Time runs out for embattled Chinese tycoon Jia Yueting as court freezes his Faraday Future assets
- A British Virgin Islands court rules in favour of To-Win Capital, allowing it to proceed with freezing Jia Yueting’s 33pc stake in Faraday Future
China’s heavily indebted businessman Jia Yueting is set to lose control of the electric car start-up Faraday Future, after a court in the British Virgin Islands ordered freezing his shareholding in the wannabe Tesla killer.
The Eastern Caribbean Supreme Court in the BVI last week ruled in favour of Jia’s creditor, To-Win Capital, and allowed it to proceed with freezing his 33 per cent stake in Faraday Future controlled through his nominees and various layers of offshore holding companies.
The ruling vindicates an arbitration award given by the Beijing Arbitration Commission in favour of To-Win Capital against Jia in January.
“This is significant because it is the first known success by Jia Yueting’s creditors to freeze and enforce rulings against his assets outside China, particularly in the offshore jurisdictions,” said Shaun Wu, a partner at the law firm Kobre & Kim in Shanghai, which represents To-Win Capital.
Did a property billionaire invest in a flailing Tesla wannabe to gain tech for China? The US thinks so
“We know that many creditors are queuing at Jia’s gates to get their money back, but the domestic assets under Jia are mostly already frozen, and so we are setting out to seize his most important offshore assets, namely his shareholdings in Faraday Future held through BVI structures,” he added.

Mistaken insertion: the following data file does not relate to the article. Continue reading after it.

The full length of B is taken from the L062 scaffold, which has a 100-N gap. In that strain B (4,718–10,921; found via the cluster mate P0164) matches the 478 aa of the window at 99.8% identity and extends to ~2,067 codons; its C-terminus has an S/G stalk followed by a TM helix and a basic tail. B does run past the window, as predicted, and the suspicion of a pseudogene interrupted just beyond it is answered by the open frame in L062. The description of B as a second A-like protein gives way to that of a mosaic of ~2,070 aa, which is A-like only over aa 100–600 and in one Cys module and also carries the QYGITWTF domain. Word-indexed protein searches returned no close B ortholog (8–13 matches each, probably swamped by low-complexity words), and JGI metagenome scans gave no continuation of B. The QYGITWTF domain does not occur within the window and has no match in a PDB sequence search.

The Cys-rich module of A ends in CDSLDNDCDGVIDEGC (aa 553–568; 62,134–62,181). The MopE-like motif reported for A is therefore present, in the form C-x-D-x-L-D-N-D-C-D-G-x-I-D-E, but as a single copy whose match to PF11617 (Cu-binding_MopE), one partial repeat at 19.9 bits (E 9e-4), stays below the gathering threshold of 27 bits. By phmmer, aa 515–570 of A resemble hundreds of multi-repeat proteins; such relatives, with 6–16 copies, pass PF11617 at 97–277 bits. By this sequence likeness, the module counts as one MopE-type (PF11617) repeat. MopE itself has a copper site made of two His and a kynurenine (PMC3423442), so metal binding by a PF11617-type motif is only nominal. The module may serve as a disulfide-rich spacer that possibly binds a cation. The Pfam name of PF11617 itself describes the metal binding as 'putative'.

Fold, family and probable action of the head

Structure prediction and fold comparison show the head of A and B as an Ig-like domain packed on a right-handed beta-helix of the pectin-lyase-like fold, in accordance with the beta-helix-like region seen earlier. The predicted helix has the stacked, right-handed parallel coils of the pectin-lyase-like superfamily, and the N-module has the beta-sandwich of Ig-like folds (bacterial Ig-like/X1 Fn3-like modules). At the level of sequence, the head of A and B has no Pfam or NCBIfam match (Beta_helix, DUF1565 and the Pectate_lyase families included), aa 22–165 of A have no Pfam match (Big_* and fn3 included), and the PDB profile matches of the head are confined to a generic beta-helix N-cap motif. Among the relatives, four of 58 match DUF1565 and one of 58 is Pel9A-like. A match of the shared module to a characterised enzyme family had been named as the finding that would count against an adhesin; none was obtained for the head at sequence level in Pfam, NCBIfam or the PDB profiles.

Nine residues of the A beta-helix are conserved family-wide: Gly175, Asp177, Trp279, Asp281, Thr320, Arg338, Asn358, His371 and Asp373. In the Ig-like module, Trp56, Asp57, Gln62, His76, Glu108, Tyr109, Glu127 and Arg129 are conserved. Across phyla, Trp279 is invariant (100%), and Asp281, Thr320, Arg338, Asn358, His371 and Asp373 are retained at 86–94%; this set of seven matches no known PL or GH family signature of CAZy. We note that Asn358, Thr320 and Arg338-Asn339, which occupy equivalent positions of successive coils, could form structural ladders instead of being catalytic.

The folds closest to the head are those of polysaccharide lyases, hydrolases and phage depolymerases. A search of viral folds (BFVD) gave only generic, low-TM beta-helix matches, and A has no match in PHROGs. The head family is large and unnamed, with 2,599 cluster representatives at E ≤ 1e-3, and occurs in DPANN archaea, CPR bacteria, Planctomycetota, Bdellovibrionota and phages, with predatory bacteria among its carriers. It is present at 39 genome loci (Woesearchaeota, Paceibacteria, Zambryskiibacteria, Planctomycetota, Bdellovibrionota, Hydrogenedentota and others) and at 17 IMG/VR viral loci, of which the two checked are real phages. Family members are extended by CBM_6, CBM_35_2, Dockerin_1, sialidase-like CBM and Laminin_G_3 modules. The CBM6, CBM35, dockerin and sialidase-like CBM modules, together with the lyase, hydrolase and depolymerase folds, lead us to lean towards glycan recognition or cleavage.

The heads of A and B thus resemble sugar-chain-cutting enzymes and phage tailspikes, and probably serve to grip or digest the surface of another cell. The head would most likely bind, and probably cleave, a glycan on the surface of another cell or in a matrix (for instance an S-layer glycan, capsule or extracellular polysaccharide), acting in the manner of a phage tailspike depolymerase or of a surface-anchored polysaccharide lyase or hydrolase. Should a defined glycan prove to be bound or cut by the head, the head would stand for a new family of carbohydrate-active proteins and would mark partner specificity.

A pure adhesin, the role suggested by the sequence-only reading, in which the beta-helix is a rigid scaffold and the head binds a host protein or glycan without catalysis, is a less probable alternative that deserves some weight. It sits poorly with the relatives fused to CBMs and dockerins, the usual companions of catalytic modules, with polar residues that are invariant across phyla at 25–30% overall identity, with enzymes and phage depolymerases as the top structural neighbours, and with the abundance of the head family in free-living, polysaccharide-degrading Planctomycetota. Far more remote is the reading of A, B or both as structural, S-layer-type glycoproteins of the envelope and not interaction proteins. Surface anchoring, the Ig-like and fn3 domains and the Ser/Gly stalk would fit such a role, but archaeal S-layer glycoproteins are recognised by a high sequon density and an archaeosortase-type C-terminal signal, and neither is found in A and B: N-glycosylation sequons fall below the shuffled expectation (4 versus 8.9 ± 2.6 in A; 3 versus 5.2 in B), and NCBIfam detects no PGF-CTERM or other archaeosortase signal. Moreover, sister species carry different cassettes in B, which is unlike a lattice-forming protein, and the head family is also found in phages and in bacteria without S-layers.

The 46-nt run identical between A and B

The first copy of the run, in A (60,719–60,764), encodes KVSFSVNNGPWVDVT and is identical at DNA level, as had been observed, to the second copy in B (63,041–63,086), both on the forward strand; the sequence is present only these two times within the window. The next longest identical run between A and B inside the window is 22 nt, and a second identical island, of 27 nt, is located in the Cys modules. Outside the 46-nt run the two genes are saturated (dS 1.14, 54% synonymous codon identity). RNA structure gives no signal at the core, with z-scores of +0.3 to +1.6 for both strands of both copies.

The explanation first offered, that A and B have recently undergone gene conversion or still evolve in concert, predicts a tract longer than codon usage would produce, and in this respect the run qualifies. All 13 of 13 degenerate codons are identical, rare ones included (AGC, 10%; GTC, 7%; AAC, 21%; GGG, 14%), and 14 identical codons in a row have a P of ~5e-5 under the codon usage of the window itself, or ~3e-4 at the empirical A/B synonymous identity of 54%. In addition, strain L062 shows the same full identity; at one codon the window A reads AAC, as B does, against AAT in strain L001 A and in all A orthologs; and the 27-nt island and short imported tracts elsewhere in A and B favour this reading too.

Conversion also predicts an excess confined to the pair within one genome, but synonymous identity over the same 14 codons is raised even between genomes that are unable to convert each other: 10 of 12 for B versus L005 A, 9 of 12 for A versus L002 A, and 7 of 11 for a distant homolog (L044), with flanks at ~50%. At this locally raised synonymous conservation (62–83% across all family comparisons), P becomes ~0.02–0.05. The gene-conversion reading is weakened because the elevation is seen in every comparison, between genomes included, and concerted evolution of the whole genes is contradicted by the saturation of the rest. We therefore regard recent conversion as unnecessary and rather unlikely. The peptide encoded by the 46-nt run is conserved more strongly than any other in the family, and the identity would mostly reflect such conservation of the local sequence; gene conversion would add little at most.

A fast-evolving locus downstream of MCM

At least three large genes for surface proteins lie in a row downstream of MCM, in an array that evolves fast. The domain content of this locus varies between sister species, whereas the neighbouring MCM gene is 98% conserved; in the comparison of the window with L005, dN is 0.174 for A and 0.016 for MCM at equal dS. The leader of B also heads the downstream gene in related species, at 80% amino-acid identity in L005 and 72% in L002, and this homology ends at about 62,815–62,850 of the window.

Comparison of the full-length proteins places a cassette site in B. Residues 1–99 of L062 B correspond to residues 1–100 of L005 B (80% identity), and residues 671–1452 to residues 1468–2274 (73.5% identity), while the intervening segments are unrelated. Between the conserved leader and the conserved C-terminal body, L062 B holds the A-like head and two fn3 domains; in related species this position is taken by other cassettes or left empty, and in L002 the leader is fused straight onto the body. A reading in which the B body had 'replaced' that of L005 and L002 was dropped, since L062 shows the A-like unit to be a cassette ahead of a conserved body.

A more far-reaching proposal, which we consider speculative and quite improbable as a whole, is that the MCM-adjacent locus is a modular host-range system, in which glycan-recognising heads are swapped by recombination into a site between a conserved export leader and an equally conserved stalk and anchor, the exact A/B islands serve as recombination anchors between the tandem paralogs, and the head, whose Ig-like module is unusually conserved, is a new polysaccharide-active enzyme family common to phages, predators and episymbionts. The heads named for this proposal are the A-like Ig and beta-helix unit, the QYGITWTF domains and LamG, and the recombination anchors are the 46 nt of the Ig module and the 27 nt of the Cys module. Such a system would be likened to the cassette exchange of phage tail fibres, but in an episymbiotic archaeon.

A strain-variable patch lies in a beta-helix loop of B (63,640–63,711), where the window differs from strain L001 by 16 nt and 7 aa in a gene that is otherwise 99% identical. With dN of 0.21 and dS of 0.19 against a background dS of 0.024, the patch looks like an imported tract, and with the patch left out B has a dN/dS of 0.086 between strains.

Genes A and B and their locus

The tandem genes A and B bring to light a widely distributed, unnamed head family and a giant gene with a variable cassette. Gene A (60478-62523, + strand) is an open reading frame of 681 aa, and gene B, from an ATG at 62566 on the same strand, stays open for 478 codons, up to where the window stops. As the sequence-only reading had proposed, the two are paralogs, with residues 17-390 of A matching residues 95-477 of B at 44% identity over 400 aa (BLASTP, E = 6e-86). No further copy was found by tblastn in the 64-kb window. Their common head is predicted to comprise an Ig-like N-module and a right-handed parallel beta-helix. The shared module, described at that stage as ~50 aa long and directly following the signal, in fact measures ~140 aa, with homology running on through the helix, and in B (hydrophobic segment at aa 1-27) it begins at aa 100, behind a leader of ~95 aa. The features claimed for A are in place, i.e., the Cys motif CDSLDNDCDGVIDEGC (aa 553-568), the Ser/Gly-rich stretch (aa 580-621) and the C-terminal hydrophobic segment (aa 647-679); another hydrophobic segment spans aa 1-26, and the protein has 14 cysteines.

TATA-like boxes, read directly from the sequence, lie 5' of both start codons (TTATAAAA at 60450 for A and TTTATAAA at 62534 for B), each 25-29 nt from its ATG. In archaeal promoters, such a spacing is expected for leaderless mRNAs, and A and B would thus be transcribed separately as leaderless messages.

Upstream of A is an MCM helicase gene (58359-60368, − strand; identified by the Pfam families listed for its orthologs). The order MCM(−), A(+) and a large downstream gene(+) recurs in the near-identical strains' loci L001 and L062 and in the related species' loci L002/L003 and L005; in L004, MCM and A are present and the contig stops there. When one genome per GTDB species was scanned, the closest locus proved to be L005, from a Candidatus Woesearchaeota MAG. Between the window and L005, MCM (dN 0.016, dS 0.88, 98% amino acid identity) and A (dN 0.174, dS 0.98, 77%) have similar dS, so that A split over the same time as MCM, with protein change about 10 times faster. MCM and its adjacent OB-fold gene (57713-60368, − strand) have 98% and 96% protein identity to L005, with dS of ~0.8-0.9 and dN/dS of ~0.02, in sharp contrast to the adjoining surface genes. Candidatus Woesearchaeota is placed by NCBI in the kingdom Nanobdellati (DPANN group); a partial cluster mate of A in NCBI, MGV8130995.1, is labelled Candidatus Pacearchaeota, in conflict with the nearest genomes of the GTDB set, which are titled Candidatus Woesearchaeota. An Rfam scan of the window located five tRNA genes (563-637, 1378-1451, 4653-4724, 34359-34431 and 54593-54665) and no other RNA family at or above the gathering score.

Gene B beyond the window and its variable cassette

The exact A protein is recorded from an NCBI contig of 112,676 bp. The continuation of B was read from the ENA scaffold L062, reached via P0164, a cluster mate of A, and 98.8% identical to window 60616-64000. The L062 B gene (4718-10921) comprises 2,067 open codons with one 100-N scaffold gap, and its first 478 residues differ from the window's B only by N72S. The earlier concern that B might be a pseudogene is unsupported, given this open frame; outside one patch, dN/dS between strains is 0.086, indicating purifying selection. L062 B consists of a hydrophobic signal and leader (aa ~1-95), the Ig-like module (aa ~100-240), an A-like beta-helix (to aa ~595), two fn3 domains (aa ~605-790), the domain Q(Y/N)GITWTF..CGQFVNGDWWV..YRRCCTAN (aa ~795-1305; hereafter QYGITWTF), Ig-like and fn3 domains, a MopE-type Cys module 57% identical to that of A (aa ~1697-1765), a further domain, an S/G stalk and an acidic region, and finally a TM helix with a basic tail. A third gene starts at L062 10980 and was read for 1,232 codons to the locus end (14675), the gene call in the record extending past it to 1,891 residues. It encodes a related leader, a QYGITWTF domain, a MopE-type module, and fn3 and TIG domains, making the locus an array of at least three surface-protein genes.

Jason Kang, another lead lawyer at Kobre & Kim based in Hong Kong, said that the ruling now means that Jia cannot freely deal with his 33 per cent stake in the company or transfer it to someone else.
Emails and phone calls sent to Jia and his representatives at Faraday Future on Tuesday were not answered.
Kang said that to enforce a judgment or award given in the BVI, the first step that a creditor has to take is make an application to the court to obtain ownership of the stake.
Jia is one of China’s most high-profile entrepreneurs who once openly challenged Apple and Tesla for being outdated. The founder of the internet conglomerate LeEco Group ran into trouble as his business crumbled under the weight of heavy debt last year.
Leshi, the Shenzhen-listed arm of LeEco Group, is also owed billions of yuan by companies related to the LeEco Group.
Cash-strapped electric car maker Faraday Future to cut pay, lay off staff in dispute with China Evergrande unit
Jia went into self-exile in the US after missing a deadline set by the Beijing Securities Regulatory Bureau, which ordered him to return to China before the end of 2017.
In an open letter published last year, Jia had asked his wife and younger brother to represent him and handle regulatory issues relating to the billions owed in China. However, he insisted that he would “do everything he could to solve any debt problems with both the listed and unlisted companies”, from the US.
He stressed that the only hope to turn things around was “to guarantee volume production and to ensure the delivery of the FF91,” referring to the luxury electric car that LeEco was developing with Faraday Future in California.
However, as Faraday Future’s financial condition deteriorated it closed down a plant and laid off people.
But in a dramatic turn of events in June, Evergrande Health Industry Group, a subsidiary of China’s second largest developer China Evergrande, announced that it would acquire a 45 per cent stake in Faraday Future for US$2 billion through a network of offshore holding companies.
But that relationship turned sour in October as Evergrande Health and Faraday Future were embroiled in a lawsuit regarding the investment.
This has triggered lay-offs, furloughs and people leaving since October, as the financial situation has worsened, Faraday Future said a statement issued this month.